You Write the Lease
You and your advisors draft the lease. You get to put in the terms that are important to you (such as, length of lease, extension options, right to repurchase) and omit those that are detrimental to you and your company (e.g., dramatic, or unknown rent increases, expansion rights, eviction provisions, high insurance requirements, etc.). The “art” to drafting the lease is balancing 3 driving economic forces that are in conflict with each other:
the desire to maximize the sale proceeds (achieved with high rental rate, low cap rate), with
the long-term rental stream that the company must pay (it wants low rental rates), with,
the terms that make the transaction attractive to sale-leaseback investors (such as, high rents, high cap rate, strong credit, quality real estate).
With today’s low interest rates and cap rates, companies have an opportunity to lock in a long-term rent schedule with lower than usual rents. Thereby it eliminates the risks of rents increasing rapidly due to such factors as increases in interest rates and changing real estate market conditions.
The Beginning, the Middle and the End
Sale-leasebacks have been effectively used to acquire companies, fuel mid-stream growth and as an exit strategy.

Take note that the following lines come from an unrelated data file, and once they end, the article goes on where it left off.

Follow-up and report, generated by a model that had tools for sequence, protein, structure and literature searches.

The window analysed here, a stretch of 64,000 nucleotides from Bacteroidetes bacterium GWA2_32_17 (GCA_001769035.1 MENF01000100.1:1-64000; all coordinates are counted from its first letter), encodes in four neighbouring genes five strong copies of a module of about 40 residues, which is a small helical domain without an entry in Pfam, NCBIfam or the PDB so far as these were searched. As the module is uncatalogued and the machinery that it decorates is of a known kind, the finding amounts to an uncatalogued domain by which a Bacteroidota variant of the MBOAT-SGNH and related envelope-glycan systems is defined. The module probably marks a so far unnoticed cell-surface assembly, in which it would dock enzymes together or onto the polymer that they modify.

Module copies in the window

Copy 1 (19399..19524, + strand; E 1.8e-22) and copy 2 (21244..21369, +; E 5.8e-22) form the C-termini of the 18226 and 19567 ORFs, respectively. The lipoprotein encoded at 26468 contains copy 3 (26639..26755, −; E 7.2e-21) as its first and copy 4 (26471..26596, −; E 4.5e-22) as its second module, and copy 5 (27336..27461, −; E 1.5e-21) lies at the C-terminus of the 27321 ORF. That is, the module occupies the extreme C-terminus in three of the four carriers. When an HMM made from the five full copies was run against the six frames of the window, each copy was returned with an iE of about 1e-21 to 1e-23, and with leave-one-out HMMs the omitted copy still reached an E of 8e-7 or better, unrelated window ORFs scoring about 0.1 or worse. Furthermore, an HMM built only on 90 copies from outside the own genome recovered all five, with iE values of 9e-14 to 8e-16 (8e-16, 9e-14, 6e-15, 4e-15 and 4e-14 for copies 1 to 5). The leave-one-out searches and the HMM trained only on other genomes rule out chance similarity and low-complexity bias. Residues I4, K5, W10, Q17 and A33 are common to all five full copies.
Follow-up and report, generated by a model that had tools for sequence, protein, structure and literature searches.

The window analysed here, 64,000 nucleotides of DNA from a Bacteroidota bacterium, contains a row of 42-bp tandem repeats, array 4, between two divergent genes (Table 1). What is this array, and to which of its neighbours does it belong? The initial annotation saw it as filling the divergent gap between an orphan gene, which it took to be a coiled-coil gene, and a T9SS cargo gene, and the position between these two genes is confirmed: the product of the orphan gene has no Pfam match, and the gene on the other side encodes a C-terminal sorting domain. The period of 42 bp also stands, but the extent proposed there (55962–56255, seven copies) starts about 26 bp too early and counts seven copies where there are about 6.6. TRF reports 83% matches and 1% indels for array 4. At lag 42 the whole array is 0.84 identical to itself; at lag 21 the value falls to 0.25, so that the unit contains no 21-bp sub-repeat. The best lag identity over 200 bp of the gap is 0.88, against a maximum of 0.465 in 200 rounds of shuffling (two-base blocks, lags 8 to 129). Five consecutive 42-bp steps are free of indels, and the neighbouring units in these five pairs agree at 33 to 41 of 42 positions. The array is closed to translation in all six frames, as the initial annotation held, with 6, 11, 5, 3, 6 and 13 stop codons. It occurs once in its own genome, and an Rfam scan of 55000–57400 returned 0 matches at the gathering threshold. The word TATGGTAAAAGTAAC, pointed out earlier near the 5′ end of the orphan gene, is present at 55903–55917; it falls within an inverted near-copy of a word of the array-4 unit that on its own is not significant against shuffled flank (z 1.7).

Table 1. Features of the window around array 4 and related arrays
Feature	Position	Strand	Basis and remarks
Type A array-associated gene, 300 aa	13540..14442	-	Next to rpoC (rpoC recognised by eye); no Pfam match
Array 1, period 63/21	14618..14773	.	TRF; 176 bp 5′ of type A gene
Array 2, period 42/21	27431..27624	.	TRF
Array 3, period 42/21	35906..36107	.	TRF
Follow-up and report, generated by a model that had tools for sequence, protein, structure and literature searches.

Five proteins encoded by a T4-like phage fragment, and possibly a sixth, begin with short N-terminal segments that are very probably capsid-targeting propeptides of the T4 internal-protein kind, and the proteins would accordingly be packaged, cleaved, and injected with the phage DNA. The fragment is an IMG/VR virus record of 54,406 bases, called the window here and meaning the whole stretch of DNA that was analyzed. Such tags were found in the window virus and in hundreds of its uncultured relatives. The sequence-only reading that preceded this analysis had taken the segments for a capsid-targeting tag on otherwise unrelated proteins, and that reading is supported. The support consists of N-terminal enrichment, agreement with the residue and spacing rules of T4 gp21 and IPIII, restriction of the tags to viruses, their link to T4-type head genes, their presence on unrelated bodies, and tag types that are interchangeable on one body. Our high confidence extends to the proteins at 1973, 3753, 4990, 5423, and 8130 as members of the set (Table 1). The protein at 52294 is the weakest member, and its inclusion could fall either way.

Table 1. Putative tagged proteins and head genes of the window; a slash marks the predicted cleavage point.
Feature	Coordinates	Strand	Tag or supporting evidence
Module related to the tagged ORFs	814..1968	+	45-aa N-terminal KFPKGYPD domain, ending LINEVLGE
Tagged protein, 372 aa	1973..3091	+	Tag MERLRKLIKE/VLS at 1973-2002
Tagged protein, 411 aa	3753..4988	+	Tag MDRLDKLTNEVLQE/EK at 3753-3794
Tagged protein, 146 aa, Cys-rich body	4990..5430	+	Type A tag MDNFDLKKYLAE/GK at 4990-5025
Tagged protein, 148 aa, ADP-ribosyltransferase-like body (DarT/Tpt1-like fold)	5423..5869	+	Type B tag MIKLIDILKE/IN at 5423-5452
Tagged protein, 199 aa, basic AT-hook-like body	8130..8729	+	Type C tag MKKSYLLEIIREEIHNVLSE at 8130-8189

The value of a middle-market company’s real estate is often more than 50% of the acquisition price of the company. Consequently, sale-leasebacks have been used in management and leveraged buy-outs; private equity and strategic acquisitions; and, buying public company spinoffs.
Companies with aggressive expansion plans have used sale-leasebacks to fuel their growth. Examples: when they expand by acquiring other companies, buying another or adding on to their building, adding equipment, or employees. Sale-leasebacks have been a corporate finance solution for many expanding public companies, as well as smaller private firms.
And in the end, when the senior stake-holder nears retirement, sale-leasebacks are an excellent mechanism to provide the capital needed for Dad’s move to Florida. It has also been used to convert the principal owner’s interest in a large, illiquid asset into capital that is available to fund family trusts.
It’s Not a Secret, but Still Unknown
Real Capital Analytics tracked 765 sale-leaseback transactions in 2017 with an aggregate value of $16,462,000. These figures do not include any transaction below $2.5 million Therefore, thousands of retail and quick service restaurants are excluded. For example, Dollar General does more than a thousand sale-leasebacks a year. Deals like Auto Parts, Dunkin Donuts, Arby’s, Verizon Wireless, Jared’s and dental clinics are less than $2.5 million, not to mention the thousands of private credits sold and leased-back each year.
Nevertheless, many middle-market C-Offices do not consider sale-leasebacks when they are faced with a capital requirement. Often it is because the firm’s trusted advisor, such as its corporate lawyer, or accounting firm has not done one. Consequently, they are reluctant to recommend it.
A sale-leaseback is not always the best solution for every company's capital needs... but it should always be carefully evaluated as a finance strategy and compared to the firm’s other corporate finance options.